A.S.E.C.C. Engine Data


History of Spark Plugs

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This data used by permission and belong to their respective owner.
Courtesy of The Early Day Gas Engine and Tractor Association.

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Blue Ball The first known spark plug was invented on February 2, 1839 by Edmond Berger.

France dominated the spark plug market in the early 1900s, supplying gasoline engine manufacturers with only a limited line of plug configurations. They were also known to be quite costly and had substandard quality.

Antique Spark Plug Albert Champion was born in France in 1878. In 1889, a renowned bicycle and motorcycle racer, Champion came to America to compete in a series of races. He had brought several bicycles and motorcycles, but found parts very hard to find in the United States. As a result, Champion made his own. To help pay bills and cover expenses, Champion began making spark plugs and sold them to friends.

Champion's love of motors slowly turned towards automobiles and he later returned to France to open a shop that manufactured spark plugs and magnetos.

In 1900, Champion returned to America after being hired by Charles Metz to race bicycles and motorcycles for the Waltham Manufacturing Company. In 1904, Champion moved to Flint, Michigan where he founded Champion Ignition Company for the manufacturing of spark plugs. With the help of investors, Champion was able to turn his racing hobby into a successful business. Unfortunately, problems with the investors soon lead to a break up. Champion soon found himself without a company. The investors continued to manufacture the spark plugs under the Champion name, but Champion himself was out of a job.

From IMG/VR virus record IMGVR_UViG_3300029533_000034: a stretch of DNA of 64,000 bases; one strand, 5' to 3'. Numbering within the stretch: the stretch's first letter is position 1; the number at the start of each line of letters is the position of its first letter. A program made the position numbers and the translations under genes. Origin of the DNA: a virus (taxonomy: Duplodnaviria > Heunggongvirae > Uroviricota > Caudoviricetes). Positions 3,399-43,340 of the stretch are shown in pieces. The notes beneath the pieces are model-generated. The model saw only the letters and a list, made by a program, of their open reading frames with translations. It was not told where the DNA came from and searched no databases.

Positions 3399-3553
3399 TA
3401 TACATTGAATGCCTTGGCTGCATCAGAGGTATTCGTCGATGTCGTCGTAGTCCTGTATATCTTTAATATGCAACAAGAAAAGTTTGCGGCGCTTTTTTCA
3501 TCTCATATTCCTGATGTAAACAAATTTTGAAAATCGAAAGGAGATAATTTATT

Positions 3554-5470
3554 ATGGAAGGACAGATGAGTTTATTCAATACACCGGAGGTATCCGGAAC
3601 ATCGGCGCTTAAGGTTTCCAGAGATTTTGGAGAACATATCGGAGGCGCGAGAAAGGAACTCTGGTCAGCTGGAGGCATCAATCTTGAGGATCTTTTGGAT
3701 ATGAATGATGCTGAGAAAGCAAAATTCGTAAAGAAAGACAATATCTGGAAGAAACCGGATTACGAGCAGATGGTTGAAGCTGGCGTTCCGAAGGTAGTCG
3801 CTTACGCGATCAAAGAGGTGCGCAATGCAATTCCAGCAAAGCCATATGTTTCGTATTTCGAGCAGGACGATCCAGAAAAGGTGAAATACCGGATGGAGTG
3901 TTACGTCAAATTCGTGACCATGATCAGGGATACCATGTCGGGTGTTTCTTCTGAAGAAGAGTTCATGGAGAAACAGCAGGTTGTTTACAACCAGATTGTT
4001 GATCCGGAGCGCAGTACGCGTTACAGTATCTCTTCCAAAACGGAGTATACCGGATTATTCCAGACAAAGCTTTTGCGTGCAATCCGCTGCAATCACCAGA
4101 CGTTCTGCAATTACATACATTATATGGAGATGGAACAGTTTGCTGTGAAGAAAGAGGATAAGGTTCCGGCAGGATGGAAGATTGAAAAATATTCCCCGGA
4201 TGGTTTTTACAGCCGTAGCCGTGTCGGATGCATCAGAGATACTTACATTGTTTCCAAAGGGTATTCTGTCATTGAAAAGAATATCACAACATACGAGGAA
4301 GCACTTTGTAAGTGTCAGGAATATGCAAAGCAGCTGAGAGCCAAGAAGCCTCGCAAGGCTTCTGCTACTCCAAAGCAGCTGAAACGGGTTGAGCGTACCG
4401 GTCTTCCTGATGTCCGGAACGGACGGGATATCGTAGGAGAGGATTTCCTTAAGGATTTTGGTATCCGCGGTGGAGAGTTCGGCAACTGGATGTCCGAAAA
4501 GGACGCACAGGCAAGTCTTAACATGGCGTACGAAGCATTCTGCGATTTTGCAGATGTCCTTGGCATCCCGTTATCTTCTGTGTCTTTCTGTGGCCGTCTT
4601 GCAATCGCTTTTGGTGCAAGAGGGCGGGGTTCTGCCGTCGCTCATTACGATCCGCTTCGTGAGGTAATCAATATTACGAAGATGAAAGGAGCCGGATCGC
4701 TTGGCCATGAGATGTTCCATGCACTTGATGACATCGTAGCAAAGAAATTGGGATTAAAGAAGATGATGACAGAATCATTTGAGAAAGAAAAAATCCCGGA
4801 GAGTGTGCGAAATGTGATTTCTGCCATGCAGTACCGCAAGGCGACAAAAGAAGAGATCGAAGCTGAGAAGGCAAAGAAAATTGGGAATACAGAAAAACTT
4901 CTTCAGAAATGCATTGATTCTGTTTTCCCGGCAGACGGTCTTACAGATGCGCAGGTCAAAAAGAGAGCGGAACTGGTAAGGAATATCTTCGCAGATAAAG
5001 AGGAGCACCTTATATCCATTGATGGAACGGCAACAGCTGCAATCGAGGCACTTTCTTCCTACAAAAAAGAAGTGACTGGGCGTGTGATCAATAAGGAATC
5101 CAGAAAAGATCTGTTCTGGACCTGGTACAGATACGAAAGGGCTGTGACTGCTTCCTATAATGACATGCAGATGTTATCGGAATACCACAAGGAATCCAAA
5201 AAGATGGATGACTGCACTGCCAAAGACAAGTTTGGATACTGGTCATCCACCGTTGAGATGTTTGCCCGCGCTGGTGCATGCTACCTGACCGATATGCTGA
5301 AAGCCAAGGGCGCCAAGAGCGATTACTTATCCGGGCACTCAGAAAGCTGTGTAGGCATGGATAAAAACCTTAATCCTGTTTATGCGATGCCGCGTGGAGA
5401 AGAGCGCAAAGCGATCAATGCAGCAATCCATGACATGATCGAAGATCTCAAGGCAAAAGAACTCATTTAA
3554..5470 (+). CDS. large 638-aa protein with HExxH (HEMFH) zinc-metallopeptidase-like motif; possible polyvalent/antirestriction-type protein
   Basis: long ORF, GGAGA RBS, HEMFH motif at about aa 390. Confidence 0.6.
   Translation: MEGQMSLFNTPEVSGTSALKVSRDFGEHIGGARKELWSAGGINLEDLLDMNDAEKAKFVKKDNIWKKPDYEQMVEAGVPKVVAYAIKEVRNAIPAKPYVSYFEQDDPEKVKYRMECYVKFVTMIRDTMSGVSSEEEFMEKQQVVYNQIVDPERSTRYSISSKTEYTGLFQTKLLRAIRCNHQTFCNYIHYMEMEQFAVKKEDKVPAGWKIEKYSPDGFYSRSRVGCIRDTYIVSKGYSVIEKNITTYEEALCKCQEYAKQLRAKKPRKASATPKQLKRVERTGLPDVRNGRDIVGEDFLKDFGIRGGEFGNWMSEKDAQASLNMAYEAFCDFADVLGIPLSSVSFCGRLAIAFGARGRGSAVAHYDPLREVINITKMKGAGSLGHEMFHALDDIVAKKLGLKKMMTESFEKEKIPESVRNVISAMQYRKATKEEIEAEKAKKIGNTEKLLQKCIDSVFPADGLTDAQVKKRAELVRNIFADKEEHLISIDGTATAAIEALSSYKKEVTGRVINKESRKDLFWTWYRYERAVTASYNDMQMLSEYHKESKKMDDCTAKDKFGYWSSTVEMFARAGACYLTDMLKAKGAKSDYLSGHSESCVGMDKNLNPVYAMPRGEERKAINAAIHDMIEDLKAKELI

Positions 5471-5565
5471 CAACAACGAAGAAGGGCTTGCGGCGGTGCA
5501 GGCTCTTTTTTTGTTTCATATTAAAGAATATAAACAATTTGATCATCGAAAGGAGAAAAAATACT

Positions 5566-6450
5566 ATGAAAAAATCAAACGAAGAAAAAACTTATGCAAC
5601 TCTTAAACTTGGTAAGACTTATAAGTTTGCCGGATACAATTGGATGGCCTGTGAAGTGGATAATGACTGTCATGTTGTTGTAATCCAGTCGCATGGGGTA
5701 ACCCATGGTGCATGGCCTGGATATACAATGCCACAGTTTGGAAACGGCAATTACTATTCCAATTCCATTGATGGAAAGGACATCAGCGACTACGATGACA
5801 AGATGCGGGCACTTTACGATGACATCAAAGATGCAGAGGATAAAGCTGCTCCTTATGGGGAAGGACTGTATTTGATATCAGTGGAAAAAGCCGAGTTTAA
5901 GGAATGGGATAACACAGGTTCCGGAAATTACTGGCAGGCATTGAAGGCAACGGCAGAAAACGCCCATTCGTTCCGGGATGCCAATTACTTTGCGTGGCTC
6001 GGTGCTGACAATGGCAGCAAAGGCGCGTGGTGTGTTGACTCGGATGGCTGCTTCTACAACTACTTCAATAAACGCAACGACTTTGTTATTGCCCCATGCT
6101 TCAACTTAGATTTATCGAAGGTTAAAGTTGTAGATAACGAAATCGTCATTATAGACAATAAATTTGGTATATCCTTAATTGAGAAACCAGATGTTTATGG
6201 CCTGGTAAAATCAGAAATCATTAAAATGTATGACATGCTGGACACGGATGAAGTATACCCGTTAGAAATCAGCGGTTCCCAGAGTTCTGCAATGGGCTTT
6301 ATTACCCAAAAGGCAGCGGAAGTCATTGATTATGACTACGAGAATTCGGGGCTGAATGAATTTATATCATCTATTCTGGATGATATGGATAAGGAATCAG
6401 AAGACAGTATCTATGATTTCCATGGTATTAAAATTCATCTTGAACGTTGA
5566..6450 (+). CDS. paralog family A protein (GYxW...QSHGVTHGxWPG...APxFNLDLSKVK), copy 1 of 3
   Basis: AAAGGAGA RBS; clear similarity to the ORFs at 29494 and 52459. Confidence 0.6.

In 1908 with the backing of the Buick Motor Co., Champion began a new company called the AC Spark Plug Company. Albert Champion was appointed president. In 1916 Alfred P. Sloan formed United Motors Corp. and eventually acquired Buick and AC Spark Plug.
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On October 27, 1927, Champion died of a heart attack. General Motors purchased the remaining stock held by Champion's estate and took over the AC company. On December 1st of that year, AC became a full division of General Motors. In 1971, United Motors Service was renamed United Delco Division. A few years later United Delco and the AC Spark Plug Division combined to form the company we know today as AC-Delco. To this day Albert Champion's name lives on with every AC and Champion spark plug made.

Some known AC Spark Plug Facts:

1927- AC spark plugs were used in Charles Lindbergh plane in his trans-Atlantic flight.

1932- Amelia Earhart's plane was equipped with AC spark plugs when she made her trans-Atlantic solo flight

1969- AC igniter spark plugs were used to fire the second and third stage rocket engines that took Neil Armstrong, Buzz Aldrin and Mike Collins to the moon.


Other form's of Ignition for early day engines before spark plugs were Hot Tube ignition, Wipe Spark ignition, and Low Tension Igniter.

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Last modified:  01 / 21 / 2014